Additional tax burdens to increase cost of doing business: OICCI

  • OICCI says federal budget 2016-17 short on bold tax broadening measures

The Overseas Investors’ Chamber of Commerce and Industry (OICCI) has complimented Finance Minister Ishaq Dar for announcing bold measures to boost agriculture growth and exports and for extending the timelines for tax credits under Section 65 of the IT Ordinance, the latter being one of the main recommendations of the overseas investors.

“OICCI considers the budget targets, especially the GDP growth of 5.7 per cent for next year, to be highly challenging and will depend considerably on the robust growth in the agriculture and export sectors,” commented OICCI President Shahab Rizvi. “Similarly significant long term incentives on CPEC-related projects and businesses linked to Gwadar free zone is another positive step”.

However, OICCI members were disappointed with the overall taxation proposals announced in the 2016-17 Finance Bill, many of which are regressive and need to be withdrawn in the interest of promoting investment in the country.

OICCI members consider that having done a good job to stabilise the economy the government might have missed the opportunity to leverage its excellent rating in all the recent business confidence index surveys by failing to announce in the 2016-17 budget bold and out-of-the-box fiscal measures and incentives, like those announced for the agriculture sector, to kick start the private sector investment, including the FDI, in the manufacturing and job creating ventures.

According to OICCI members, the budget proposals do not contain any worthwhile measures to improve governance, document the economy, bring the informal sector in the tax net, broaden the tax base, reduce the burden of the existing tax payers, reform the taxation system and improve Pakistan’s rating in the World Bank’s Ease of Doing Business Index.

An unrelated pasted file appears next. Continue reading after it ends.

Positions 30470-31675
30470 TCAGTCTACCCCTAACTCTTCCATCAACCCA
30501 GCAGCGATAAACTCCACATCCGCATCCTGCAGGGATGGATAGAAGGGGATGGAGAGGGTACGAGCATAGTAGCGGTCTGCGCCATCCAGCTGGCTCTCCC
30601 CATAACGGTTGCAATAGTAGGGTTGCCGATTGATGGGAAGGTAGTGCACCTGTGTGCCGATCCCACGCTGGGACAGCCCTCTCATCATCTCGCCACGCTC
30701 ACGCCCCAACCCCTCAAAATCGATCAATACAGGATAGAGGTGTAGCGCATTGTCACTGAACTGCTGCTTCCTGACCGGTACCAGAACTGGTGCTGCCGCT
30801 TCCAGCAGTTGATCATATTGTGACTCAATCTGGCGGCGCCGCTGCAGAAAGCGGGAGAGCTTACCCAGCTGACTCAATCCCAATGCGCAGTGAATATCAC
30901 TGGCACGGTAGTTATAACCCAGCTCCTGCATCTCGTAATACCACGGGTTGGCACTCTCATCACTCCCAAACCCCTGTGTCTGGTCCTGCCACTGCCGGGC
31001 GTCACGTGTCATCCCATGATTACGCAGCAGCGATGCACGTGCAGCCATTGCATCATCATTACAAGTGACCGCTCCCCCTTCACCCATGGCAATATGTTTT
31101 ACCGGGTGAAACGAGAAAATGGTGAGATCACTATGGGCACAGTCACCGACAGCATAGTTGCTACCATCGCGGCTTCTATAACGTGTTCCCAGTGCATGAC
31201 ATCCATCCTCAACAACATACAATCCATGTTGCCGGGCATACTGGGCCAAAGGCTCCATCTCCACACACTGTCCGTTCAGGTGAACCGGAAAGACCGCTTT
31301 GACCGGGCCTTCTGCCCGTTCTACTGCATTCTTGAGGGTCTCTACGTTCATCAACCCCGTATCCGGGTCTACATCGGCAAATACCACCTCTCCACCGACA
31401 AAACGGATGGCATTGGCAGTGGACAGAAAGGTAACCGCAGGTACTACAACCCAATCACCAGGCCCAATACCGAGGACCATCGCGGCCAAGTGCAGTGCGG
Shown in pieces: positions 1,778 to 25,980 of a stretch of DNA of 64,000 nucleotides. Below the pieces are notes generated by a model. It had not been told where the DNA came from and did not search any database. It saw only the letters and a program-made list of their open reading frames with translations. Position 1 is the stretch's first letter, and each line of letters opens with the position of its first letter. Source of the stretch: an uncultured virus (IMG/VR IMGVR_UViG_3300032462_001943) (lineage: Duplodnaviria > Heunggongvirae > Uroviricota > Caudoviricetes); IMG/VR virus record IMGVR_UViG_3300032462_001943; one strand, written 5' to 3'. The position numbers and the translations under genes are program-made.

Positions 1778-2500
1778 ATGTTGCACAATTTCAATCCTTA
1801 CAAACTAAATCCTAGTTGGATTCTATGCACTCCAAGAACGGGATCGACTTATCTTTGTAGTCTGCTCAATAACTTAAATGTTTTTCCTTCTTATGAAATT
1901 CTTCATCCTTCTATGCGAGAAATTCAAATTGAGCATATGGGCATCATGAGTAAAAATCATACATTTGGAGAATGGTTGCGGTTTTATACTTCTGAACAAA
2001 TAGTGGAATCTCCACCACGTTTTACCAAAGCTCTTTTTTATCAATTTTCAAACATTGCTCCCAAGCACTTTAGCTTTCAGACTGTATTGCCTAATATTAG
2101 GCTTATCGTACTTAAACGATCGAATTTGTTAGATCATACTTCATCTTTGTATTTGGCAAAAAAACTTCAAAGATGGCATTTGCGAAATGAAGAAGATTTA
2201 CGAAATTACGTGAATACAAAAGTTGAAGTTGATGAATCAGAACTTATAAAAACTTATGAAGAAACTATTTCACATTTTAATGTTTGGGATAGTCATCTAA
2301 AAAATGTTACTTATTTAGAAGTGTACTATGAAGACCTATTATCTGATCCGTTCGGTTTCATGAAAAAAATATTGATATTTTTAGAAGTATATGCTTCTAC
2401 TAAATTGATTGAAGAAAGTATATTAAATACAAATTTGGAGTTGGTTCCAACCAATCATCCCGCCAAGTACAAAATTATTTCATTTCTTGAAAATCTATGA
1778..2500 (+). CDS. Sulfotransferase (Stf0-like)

OICCI members have strongly reacted to the proposed change in the definition of input tax to exclude the sales tax paid under respective provincial laws as it will have a wide-ranging impact across most of the business sectors.

“This is a fundamental departure in the sales tax regime which is governed under the VAT principles and would effectively result in increasing the cost of doing business,” according to Shahab Rizvi.

At the same time the imposition of super tax of four per cent on the banking industry and three per cent on other large taxpayers for another year is seriously damaging the business confidence especially of OICCI members.

“A clear understanding had been given last year that the super tax imposed in the Finance Act, 2015 was for one year only. This action is contrary to the demands of the investors for predictability, consistency and transparency in policies and will impact the credibility of the government with investors,” said Rizvi.

“The proposal to change the zero rating to tax exempt regime for Milk and other dairy items and the proposed basic structural change in the group taxation structure may also have serious negative implications on future investment in the country. This will result in levying more taxes on the compliant tax sector and defeating the whole purpose of encouraging formation of large entities with resources to promote diverse investment in the country” said Rizvi, adding that “the proposal to increase general rates of customs duty of 10 per cent and 15 per cent, by 1 per cent each to 11 per cent and 16 per cent, respectively, will negatively impact the consumer price index”.

Considering the large size of the undocumented economy, measures announced in the budget for penalising non-filers cover only a small portion of the informal sector of the economy. OICCI expectations for a robust and broad-based legislation to include all income groups in the tax net have not materialised. The emphasis is still on withholding taxes as compared to effective enforcement measures. The OICCI has always suggested that enforcement measures should be introduced by increasing capability and accountability at all levels.

Overall there is no substantial change in the ratio of direct and indirect taxes. A paradigm shift in this ratio was required to address the issues in income disparities and to reduce the burden of indirect taxes on the common man.